Monday, December 03, 2007

Whattaya done for me lately...

A reader commented on a previous post regarding raising the RFS mandate:
Curious of your thoughts as I share the same concern. I made a comment a year ago to a group of farmers: some strictly grain, some strictly livestock, and some livestock/grain, and I was saying basically dance with the one that brought you (livestock). However, the overwhelming response to my statement was a matter of the money looks great and we will take any market.

My question then was how can you turn away from livestock, especially since this meeting had a number of livestock farmers? I had to remind some that although corn may have been $2.00 in recent years, what would it have been without the livestock sector.

Maybe this is some frustration. I want us to find alternative fuels, I want a sustained environment, but I also want to be able to see livestock producers stay in the black while grain farmers prosper as well.

What is your thought to the future of this arguement? How will it trend in the future? And how is it being played out with other producers you have had the pleasure to speak with?
I add it here because I have been pondering the implications of these growing divides in agriculture. I too have had little feedback from grain producers which evince any concern for their former #1 customers - the livestock sector.

I think there are several influences at work. First, the animal sector (with the possible exception of cow-calf) has already undergone the intense concentration now just occurring in industrial grain production. Consequently, to many of us on grain farms, livestock producers don't look like peers. The face of the animal industry is company spokesperson for Tyson or Smithfield.

As the livestock sector concentrated it also virtually disappeared from many areas - like my part of IL. It's pretty easy to care less about those you never actually meet.

I say this because it is my personal linkage to Ken Maschoff that forms a different and more sympathetic response. When I think of large swine producers I at least have a personality to fill in the image. Likewise, meeting some actual (albeit very large scale) dairy producers last month at the Elite Producers Conference put human faces on another industry.

In short, grain producers are indifferent to the livestock sector because we have few ties to personalize the economics. And the sheer size of the consolidated animal operations ignites prejudice as well - "Big and ugly is big and ugly, " as one corn grower told me.

Secondly, if there are personal ties to grain customers, it will be to 1) ethanol plants in which they have some stake (financial, employment, community, etc.) 2) feedlots and other grain users who forge close local supply chains, and 3) grain merchandisers who have wisely realized sourcing grain in the future may not be as simple as fiddling with the basis.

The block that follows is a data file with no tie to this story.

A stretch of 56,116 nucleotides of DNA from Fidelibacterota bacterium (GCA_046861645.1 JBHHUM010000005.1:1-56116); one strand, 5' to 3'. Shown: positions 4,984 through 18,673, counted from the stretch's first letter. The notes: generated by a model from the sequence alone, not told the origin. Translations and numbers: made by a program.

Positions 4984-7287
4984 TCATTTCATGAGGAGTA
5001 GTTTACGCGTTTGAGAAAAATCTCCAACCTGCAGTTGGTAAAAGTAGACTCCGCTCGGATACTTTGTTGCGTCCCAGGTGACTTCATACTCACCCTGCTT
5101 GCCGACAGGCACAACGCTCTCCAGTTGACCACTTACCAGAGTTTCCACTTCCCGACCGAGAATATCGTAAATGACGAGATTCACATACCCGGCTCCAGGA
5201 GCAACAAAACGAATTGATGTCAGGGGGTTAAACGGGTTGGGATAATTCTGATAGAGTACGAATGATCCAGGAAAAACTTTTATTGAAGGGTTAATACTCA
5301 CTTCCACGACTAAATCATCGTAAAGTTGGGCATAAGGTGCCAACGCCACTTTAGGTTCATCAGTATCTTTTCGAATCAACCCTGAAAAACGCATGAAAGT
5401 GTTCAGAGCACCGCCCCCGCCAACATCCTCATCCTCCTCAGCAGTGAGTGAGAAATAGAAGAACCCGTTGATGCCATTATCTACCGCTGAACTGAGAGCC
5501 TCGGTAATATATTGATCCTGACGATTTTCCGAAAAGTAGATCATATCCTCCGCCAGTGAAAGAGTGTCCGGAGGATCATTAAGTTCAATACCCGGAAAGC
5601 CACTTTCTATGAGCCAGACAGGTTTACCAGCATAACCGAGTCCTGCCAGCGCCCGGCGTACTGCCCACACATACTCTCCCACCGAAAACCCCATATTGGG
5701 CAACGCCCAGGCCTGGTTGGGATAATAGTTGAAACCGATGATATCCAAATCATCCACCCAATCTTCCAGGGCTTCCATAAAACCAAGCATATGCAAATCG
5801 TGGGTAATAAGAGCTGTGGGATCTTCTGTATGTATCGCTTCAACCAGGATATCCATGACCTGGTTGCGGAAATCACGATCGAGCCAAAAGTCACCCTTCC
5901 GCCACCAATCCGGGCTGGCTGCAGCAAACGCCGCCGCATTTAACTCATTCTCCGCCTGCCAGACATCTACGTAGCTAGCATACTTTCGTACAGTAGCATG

Cargill has been way in front in forging myriad ties to grain suppliers like me. I think their marketing, health insurance, storage, college funds, etc. options deepen the linkage vertically along the supply chain. And I think those efforts will pay off big-time at some point of stress.

It would also appear that Farm Bureau has been singularly unsuccessful in facilitating horizontal ties across agriculture. Perhaps this task is impossible, to be fair. But FB is the only organization that even touches all the players. It is also possible that the hollow nature of FB membership (to have FB insurance you must be a member) unsurprisingly fails to engender any true linkages, since the only thing members have actually committed to is an insurance policy.

Producers continue to specialize and as they do they become more of a link in a manufacturing chain (ethanol) than a member of a profession (farming). They will tend to align their social and informational lives this way, and any sense of a farming "community" will change to a much narrower sector. This need not be considered a bad thing, but it does suggest to me that once again our reliance on a picture of agriculture from the 1950's to solicit sympathetic subsidies not only is misleading to the public but self-deceptive. we are increasingly product-specific specialists - at least in the industrial sector of agriculture.

All grain users should be looking at Cargill and asking what can they do to deepen their relationships with those who provide them feed or feedstock. It may be long term contractual relationships that assume some of the production risk in exchange for reliable supply. It could be "frequent supplier" programs that reward perennial suppliers (well-designed programs have been shown to be incredibly successful). I've been pondering a great deal about what my supply chain bonds could look like in the next decade - I'll be writing more in Top Producer about it.

But one of the first steps could be to stop having our national meetings alone. Have cattlemen speak to corn growers in the blunt language of fellow professionals. Have ethanol coop board members show up at poultry contract grower meetings. One reason many of us are uneasy about the apparent growing risks of our link in the value chain is we have so few communications with our adjacent input/output cohorts.

The use of mandates to shape agriculture will likely produce surprising consequences. More than a few of them could be collateral damage to our oldest customers.

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